Written by: RUB on 07/10/2020 12:22:32

When presented with the opportunity to get my hands on the new release by Norwegian extreme metal legends Enslaved before it was to be released I didn’t hesitate, for one very good reason: these guys deliver – every, single, time. Even though the band is quickly approaching their 30th Anniversary, I can say with the utmost certainty that they’ve never released a bad album. Every record since their inception back in 1991 has rightly been a critically acclaimed masterpiece in its own right, with grades always tending toward the upper end of the spectrum. But as I started getting into “Utgard”, their 15th full-length outing, I was immediately struck by how different it sounded compared to the group’s previous work. And so as to distill my initial thoughts about the effort into words, here goes my attempt…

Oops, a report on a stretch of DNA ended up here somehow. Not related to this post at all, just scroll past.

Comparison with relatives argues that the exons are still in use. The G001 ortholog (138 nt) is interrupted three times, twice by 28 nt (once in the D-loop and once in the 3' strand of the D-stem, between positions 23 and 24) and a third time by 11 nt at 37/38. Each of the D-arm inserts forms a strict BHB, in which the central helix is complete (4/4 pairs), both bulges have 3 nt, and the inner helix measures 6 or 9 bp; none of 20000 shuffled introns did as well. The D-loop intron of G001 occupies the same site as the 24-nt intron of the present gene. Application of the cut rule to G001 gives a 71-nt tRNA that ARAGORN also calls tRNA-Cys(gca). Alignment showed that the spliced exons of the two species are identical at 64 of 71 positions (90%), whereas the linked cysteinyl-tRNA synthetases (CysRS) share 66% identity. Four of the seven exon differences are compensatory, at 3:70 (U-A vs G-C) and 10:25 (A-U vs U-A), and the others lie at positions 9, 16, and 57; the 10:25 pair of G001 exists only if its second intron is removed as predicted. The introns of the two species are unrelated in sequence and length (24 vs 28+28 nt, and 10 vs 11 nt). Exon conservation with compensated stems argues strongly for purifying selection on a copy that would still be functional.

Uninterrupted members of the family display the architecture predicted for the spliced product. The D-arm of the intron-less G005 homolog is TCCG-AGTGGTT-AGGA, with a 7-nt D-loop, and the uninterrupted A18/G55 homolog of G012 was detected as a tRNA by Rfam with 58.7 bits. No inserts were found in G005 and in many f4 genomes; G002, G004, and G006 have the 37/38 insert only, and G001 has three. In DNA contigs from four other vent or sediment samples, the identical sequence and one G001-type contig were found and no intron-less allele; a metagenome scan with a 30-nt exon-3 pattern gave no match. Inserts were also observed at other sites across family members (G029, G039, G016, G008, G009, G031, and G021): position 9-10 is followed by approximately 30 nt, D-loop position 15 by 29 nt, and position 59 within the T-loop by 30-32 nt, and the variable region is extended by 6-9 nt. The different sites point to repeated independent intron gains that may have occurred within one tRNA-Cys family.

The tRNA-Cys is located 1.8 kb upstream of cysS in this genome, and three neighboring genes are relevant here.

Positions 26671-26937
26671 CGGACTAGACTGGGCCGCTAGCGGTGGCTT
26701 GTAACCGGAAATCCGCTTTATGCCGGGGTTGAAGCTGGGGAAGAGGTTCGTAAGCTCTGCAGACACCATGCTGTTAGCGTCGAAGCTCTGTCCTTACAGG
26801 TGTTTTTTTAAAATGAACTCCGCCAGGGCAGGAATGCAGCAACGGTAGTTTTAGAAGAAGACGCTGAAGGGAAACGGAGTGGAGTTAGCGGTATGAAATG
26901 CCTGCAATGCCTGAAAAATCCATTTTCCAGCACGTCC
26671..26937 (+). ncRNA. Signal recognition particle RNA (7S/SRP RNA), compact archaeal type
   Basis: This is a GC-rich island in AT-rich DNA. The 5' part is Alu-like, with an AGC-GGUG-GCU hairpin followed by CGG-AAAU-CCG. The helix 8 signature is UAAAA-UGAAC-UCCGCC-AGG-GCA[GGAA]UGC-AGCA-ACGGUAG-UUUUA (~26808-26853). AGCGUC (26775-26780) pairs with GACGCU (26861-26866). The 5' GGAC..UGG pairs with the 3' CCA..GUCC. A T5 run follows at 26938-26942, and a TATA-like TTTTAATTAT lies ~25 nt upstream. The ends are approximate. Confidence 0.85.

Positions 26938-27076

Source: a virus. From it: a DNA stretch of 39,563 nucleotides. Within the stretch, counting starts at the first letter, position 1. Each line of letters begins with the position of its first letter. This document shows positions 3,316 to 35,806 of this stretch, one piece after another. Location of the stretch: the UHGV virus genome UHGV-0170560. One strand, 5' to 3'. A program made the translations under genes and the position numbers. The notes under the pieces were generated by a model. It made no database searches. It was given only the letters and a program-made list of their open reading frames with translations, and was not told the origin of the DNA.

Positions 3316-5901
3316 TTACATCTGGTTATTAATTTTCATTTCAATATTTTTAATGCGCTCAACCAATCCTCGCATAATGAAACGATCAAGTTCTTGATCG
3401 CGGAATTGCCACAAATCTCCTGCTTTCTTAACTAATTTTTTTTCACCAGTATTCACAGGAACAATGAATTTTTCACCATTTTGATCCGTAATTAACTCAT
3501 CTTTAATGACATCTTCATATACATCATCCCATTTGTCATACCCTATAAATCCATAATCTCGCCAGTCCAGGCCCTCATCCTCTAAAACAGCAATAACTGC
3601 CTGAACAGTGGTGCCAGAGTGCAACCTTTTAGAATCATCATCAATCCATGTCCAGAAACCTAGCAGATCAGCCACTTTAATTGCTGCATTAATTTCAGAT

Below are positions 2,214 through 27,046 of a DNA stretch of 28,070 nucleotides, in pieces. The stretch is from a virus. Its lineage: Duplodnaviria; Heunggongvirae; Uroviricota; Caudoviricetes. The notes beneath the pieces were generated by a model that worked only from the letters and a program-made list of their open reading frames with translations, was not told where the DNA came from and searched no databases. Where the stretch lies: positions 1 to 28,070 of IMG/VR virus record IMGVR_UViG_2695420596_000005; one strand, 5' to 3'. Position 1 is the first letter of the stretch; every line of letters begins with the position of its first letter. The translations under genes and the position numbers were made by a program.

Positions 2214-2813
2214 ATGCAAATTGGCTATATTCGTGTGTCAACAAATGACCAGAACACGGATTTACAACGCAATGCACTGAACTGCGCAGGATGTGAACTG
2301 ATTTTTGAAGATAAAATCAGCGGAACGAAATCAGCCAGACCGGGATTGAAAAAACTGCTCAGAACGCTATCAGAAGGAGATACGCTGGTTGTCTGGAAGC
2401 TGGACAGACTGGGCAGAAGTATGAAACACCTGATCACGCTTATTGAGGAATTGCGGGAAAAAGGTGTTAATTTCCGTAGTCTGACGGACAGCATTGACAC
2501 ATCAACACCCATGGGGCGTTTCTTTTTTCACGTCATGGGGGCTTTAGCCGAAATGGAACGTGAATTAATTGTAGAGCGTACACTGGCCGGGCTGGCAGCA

The record brings nothing new to the table when it comes to song titles: these are still firmly cemented within the band’s Norwegian heritage and Viking folklore, which is also betrayed by the title of the album itself. The first track, “Fires in the Dark”, has that familiar bleak and slow-paced feel to it, slowly building up for the arrival of the deep and profound voice of Håkon Vinje just shy of the 02:30 mark. It is, at least to me, the blend of progressive metal and cold melancholy mixed with the dark and ominous nature of black metal in this piece that makes Enslaved so revered, yet also so fresh, and it enables them to continue existing at the pinnacle of the genre. And on “Jettegryta” (where jette refers to giant and gryta stands for cauldron), we’re right back at the heart of Enslaved, its dreary melody slowly ascending around fast-paced drums and deep growls by Grutle Kjellson to reveal a more straightforward, albeit not as aggressive track as some of the band’s previous material. It is nonetheless a memorable one and perfectly embodies the progressive rock-oriented structures and tones that are fused with more extreme sections throughout “Utgard”.